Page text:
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November 2003: Paul Smith - Captivated.
My local Game store has a large digital countdown timer in the window, a sure sign that something bigger than David Blaine's ego is lurking just around the corner. I walked up to it and was immediately filled with apprehension and mistrust, simply because the law of diminishing returns is pretty clear on what my expectations ought to be. You'll never get the same psychological or physical effect twice without upping the stakes. It's true of Love, drugs, roller-coaster rides and movie concepts. Need proof? I shrieked myself stupid the first time I went on Oblivion. Now I nap on it. Highlander: Awesome. Highlander II, The Quickening: Iffy. Highlander III, The Sorcerer: Tragic. I rest my case.
In truth, our entire industry relies on the fact that something that's amazing on Christmas morning is as dull as ditchwater -or better still, broken- by New Years Eve. If people stayed happy with what they were using or playing forever we'd still be stuck with DOS (DIR *.EXE /S /P Oh how I miss you!) and having a full three-course meal, with biscuits, cheeses and port while our Spectrum loads Manic Miner. Then crashes. Given this, you might imagine that the sequels to successful games, like films, would be pale imitations of the original; The Italian Job remade. Final Fantasy XXVIII redux anyone?
However, what I heard called the 'Interactive Games' industry (I asked them to name a game that isn't interactive. The best they could come up with was raindrop racing. "Ah", I said, "but you still need to pick a raindrop") the other day has a unique advantage over other media. Designers get better at software coding; hardware gets better at displaying it and opportunities for more tracks, weapons, characters and/or other features readily present themselves. It's the very evolutionary nature of the form which powers customer demand for newer, better versions of OS's, applications and games. Mind you, I'm strange and mysterious: I still think Doom2's gameplay made it a better way to spend an evening than Quake, but most of the time I'm normal. Well, more normal, anyway. For example I remember the night I bought an N64 home to replace my aging SNES. I said to the girlfriend, "Should we have a quick go before dinner?" and we eventually sat down to eat at 4am, by which time my waffles were well past their best. What worries me is this: How on Earth can Nintendo top that experience?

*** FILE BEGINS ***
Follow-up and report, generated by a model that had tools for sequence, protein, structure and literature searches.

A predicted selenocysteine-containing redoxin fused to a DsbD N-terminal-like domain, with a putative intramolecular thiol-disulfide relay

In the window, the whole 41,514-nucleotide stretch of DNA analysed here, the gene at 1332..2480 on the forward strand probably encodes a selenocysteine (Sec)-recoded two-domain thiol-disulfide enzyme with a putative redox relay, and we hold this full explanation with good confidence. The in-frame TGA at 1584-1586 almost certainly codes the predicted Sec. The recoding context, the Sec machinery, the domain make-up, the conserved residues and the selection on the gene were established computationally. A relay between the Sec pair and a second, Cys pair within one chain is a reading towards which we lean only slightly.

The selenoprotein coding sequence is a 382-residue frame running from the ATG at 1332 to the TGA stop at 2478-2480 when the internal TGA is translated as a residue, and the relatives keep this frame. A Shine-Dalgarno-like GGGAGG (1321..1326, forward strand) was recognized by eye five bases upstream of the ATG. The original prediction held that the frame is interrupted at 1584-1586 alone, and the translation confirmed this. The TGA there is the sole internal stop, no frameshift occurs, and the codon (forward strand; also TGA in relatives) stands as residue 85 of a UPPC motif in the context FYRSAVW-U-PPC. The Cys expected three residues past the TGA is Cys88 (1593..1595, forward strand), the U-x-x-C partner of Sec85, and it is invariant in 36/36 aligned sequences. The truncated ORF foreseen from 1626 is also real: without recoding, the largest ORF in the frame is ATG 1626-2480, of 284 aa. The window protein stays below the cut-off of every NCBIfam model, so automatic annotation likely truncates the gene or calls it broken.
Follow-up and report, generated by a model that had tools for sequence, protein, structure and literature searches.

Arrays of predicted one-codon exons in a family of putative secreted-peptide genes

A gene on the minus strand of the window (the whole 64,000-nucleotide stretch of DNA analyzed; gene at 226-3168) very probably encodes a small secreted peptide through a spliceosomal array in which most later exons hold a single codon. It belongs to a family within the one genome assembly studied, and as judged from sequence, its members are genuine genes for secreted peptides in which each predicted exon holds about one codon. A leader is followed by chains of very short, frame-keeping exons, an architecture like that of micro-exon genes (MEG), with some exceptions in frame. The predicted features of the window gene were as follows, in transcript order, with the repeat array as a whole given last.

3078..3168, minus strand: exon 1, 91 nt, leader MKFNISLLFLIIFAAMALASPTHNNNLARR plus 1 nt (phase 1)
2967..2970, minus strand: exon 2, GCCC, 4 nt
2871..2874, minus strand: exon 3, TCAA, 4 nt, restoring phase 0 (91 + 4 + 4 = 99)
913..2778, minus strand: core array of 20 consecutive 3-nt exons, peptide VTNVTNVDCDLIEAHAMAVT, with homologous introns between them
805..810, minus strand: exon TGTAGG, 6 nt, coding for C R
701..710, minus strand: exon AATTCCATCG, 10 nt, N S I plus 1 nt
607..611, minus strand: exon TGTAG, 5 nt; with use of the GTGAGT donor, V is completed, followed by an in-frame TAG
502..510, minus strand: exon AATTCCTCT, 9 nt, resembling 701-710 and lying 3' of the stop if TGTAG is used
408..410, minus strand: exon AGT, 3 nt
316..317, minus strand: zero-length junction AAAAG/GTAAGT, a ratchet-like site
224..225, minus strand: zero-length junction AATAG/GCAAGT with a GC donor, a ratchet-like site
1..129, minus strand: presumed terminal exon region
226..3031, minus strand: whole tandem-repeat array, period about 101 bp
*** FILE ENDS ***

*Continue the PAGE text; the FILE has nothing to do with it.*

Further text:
The teasing red LED digits on the countdown clock in town say I have a few lingering days and several loitering hours left until I can rip a copy of Mario Kart Double Dash out of its box and post it into my 'cube. Honestly, I'm finding the wait a struggle. My name is Paul Smith. I am an addict.
Paul Smith is still 'resting'. Job offers to email@example.com please.
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